If the government, federal and state, would quit blocking the way to full-scale development, the United States in the not-too-distant future probably would become a member of OPEC.

It would be well to listen to what various foreign countries are saying that are also dependent on the OPEC cartel. These countries wonder what’s the matter with the United States that it doesn’t get shale oil production up and running.

It appears, perhaps, that local folks have been lax in offering encouragement and distraction to the powers that be. This failing seems almost like shooting oneself in the foot when the economic benefits of a full-blown oil shale industry to our area are considered.
JOHN F. AUSTIN
Hotchkiss

Salazar is math challenged
regarding health care bill

In The Daily Sentinel’s March 19 article, “Congressman says he’ll cast ‘aye’ vote on bill,” U.S. Rep. John Salazar said he would vote for the health bill before Congress because he feels this measure is “probably the single largest deficit-reduction measure I will probably ever vote on.”

Salazar must have missed the course in basic math where they taught the difference between plus versus minus signs. How can a conservatively estimated $1.4 trillion program create a deficit reduction, especially when every program in the history of the U.S. government has always exceeded its budget because projected cuts in programs or tax increases never materialize?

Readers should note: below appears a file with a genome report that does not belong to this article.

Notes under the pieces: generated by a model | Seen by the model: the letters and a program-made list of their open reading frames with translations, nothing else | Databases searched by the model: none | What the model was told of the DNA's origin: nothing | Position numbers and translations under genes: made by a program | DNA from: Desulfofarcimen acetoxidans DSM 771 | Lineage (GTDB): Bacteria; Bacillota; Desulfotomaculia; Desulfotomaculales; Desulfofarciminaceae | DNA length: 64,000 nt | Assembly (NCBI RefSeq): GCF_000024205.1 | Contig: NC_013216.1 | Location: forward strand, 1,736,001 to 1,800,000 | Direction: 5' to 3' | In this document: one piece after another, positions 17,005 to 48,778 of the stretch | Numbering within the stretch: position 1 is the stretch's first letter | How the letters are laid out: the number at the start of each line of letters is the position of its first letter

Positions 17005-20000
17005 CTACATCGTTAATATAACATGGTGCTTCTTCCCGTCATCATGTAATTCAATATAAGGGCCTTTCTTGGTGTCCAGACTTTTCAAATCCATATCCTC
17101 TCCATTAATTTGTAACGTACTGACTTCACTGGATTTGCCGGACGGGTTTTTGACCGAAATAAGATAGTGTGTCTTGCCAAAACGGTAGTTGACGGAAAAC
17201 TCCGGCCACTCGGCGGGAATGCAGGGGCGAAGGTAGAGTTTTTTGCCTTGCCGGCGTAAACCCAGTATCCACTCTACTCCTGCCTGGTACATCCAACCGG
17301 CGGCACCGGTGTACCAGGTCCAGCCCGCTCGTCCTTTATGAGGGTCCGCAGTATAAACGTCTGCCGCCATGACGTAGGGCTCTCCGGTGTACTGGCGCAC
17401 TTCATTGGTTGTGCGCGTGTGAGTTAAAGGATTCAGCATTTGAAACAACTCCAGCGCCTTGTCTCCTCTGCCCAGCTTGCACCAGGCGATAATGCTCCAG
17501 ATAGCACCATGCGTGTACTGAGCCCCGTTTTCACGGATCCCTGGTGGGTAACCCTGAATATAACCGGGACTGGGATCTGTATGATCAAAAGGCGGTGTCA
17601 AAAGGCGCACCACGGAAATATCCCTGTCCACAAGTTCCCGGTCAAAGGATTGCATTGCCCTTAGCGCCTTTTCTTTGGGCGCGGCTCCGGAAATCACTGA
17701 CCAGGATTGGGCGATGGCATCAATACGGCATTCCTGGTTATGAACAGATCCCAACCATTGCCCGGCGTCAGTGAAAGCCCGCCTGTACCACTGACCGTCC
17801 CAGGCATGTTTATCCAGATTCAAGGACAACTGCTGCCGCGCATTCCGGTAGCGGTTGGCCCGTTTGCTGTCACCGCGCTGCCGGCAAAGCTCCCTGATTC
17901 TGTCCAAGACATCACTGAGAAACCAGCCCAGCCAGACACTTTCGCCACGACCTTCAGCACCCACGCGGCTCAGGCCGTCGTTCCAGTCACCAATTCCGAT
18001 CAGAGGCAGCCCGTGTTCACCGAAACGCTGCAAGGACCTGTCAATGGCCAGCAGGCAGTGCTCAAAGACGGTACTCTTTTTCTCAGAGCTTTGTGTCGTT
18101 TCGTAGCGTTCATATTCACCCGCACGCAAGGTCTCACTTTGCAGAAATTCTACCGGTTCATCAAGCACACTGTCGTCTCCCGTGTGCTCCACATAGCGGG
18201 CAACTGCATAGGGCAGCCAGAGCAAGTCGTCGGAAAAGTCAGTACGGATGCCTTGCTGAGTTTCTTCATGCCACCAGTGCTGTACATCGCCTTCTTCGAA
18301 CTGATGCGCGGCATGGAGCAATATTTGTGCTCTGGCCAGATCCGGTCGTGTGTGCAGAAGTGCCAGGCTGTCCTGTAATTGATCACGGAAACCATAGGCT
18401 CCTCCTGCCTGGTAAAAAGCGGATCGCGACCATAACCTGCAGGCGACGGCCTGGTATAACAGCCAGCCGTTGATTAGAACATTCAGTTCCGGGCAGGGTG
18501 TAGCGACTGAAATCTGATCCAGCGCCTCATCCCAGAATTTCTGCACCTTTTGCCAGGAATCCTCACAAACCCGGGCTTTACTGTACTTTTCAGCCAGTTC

I have to confess. It is partly my fault that we face irrational exuberance in Congress because I voted for this mathematically challenged individual and some others like him.

This bill is so complex, and so compromised, that it is beyond the understanding of those who voted on it, and even by those whose careers are intertwined in it. How can this bureaucratic morass create efficient dispensing of health services at reduced costs, let alone reduce the deficit?
ROBERT A. TALLARICO
Grand Junction

Salazar deserves credit
for backing health reform

Thanks to Rep. John Salazar for his vote in favor of health care reform. Now our country will finally be able to begin the process of making health insurance available to the millions of hard-working Americans who have been left out of the health care system.

The bill that was passed by the House of Representatives was not perfect, but it finally allows us to move forward in the attempt to insure more citizens and to eventually control the cost of health care.
DAVID S. HERR, MD
Grand Junction